India may be the world’s biggest democracy and a rising economic power. It is also corrupt, sexist, religiously intolerant and chronically riven by disputes over class and ethnicity.

When something terrible happens in India, which is almost every day of the week, the response is to blame the Government and to demand a change in the law, coupled with an insistence that those enforcing the new legislation should do so without fear or favour.

Some hope.

Consider the latest high-profile rape case. A 16-year-old girl is taken from her parents’ home and gang-raped. When the father complains to the village elders – the equivalent of an unelected parish council – the rapists are told to pay a fine and do a hundred press-ups. Understandably outraged, the girl’s father and mother protest, only to be beaten up by the culprits who then grab hold of the victim and burn her alive on a fire.

Two days later, another teenage girl is raped and burned alive. The nation is stunned. The Government promises action. But the girls are only two out of close to 50,000 girls raped each year in India, with at least as many again refusing to come forward for fear of the repercussions.

If you are raped in India, you are shamed. You are soiled goods. Your value in the marriage market drops to zero.

Girls and women are not esteemed in the world’s greatest democracy. The daughters of rich fathers can live pampered lives, and within the growing upper-middle class there is a new caste of women, most of them university-educated, the majority from a “good family,” who are making their voices heard and calling for change. Good for them. They are the suffragists of India.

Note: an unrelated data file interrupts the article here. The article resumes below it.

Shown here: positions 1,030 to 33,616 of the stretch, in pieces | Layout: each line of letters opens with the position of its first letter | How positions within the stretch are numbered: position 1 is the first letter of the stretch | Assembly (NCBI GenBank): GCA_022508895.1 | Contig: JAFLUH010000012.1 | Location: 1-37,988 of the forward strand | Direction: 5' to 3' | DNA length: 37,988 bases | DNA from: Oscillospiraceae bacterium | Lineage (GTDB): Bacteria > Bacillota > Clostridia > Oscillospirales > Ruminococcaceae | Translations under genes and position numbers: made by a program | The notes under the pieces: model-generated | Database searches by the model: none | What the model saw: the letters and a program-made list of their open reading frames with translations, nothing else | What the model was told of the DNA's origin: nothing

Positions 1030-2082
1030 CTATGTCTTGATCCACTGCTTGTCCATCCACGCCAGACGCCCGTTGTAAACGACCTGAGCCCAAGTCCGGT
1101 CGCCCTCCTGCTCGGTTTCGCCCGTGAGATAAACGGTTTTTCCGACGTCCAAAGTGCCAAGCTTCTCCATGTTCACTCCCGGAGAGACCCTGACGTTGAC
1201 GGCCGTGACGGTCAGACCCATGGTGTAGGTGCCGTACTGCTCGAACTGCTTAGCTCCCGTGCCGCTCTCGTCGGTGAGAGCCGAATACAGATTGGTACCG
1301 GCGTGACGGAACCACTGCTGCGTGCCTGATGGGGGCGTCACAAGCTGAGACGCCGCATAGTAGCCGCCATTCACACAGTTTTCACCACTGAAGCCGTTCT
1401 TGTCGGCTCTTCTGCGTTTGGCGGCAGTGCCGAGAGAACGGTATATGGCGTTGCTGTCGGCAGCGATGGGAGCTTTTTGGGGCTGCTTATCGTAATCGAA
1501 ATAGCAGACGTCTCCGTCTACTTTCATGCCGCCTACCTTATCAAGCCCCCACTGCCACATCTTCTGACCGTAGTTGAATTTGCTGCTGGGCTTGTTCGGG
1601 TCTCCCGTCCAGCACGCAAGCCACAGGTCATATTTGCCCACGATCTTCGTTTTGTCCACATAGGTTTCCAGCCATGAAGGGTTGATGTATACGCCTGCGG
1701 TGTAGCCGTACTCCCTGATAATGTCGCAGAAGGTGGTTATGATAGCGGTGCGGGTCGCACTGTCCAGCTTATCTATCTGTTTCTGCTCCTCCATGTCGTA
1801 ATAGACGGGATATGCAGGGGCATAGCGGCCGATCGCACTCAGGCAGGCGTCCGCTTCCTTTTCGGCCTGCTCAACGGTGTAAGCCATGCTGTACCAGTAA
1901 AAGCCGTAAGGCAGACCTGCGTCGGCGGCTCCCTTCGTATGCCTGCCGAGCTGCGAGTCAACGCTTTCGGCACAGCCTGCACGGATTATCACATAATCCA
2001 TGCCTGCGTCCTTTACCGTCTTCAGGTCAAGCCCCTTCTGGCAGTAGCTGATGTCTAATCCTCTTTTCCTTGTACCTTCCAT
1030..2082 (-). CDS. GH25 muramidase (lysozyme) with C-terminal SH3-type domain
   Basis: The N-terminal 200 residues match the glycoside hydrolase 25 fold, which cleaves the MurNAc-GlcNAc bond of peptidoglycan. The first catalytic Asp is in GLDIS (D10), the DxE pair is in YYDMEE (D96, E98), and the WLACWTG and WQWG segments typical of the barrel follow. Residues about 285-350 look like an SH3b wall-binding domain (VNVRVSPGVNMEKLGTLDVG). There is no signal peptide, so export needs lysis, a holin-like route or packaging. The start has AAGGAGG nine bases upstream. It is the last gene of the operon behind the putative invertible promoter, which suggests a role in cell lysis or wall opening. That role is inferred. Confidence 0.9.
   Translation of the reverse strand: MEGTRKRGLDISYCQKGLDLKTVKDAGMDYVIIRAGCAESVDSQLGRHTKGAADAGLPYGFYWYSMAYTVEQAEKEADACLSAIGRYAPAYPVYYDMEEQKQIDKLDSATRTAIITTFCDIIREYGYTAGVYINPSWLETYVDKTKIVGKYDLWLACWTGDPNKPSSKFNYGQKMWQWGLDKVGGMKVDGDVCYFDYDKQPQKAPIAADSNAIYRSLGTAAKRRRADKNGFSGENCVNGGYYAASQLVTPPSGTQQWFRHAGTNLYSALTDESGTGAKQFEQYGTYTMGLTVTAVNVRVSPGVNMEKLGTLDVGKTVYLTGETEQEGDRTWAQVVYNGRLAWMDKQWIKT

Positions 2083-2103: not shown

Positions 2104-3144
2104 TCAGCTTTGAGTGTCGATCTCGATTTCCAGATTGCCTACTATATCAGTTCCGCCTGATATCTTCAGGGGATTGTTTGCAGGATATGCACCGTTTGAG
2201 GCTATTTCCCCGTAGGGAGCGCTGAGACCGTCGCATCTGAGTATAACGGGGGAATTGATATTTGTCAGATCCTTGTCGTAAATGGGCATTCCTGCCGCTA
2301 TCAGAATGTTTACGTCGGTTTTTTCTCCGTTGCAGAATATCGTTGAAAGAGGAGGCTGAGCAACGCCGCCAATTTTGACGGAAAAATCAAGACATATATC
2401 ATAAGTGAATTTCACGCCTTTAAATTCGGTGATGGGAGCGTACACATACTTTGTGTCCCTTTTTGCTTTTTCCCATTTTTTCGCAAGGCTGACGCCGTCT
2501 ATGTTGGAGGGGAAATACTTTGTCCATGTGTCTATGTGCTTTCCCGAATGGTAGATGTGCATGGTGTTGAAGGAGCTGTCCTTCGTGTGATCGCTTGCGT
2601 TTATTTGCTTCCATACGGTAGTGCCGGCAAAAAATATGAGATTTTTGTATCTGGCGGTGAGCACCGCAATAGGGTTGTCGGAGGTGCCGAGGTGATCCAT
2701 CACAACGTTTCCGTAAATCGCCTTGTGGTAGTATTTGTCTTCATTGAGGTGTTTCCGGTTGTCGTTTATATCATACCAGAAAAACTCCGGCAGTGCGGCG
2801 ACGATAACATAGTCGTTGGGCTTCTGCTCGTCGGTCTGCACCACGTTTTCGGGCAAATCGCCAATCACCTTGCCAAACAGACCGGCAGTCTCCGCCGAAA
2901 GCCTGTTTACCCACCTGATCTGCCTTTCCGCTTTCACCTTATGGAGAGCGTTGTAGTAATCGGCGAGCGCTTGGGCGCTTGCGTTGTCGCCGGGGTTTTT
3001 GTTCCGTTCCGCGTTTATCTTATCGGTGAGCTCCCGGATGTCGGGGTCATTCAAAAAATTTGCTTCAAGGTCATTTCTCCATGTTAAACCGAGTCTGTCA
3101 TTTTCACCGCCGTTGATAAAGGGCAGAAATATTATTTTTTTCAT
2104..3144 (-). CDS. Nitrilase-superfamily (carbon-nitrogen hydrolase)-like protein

But ordinary girls, especially in the villages, are little more than drudges and commodities. Thousands of baby girls are left out to die in India each year by parents who only want sons. An estimated annual total of half a million terminations are carried out following the discovery of the sex of the foetus, with many more performed by backstreet abortionists.

Girls of 12 and 13 are routinely promised to future husbands by their parents. According to UNICEF, 18 per cent of all Indian girls are married off at the age of 15. Given that girls are in high demand, but with the supply artificially suppressed, is it any wonder that rape is a commonplace?

All this in a nation that prides itself on its ancient civilisation and likes to look down on the loose morals and promiscuity of Western society.

Slavery is another constant. When I was covering South Asia for the Sunday Times, I remember being smuggled into an encampment about 50 miles outside Delhi in which hundreds of so-called bonded labourers and their families were confined. These unfortunates owed trivial sums to the camp boss, or had inherited the unpaid debts of their ancestors, and as a result were held as slaves, sleeping in rough huts, overseen by men with rattan canes, guarded by an armed militia.

I spoke to one man who said he and his father had lived all their lives in the camp, working to repay a debt that could never be discharged. He begged me to take his 13-year-old daughter with me when I left. I could enjoy her as my wife, he told me. I still have her photograph. She must be in her late thirties now. I refused – not without a pang of guilt – causing him to give me an anguished shrug. But I did hand over the equivalent of £10 in rupees, which may or not have been enough to alter his situation. Minutes later, I was ordered to leave and escorted back out onto the road. A man with a rifle kept a close watch on me until I and my minder disappeared in a swirl of dust.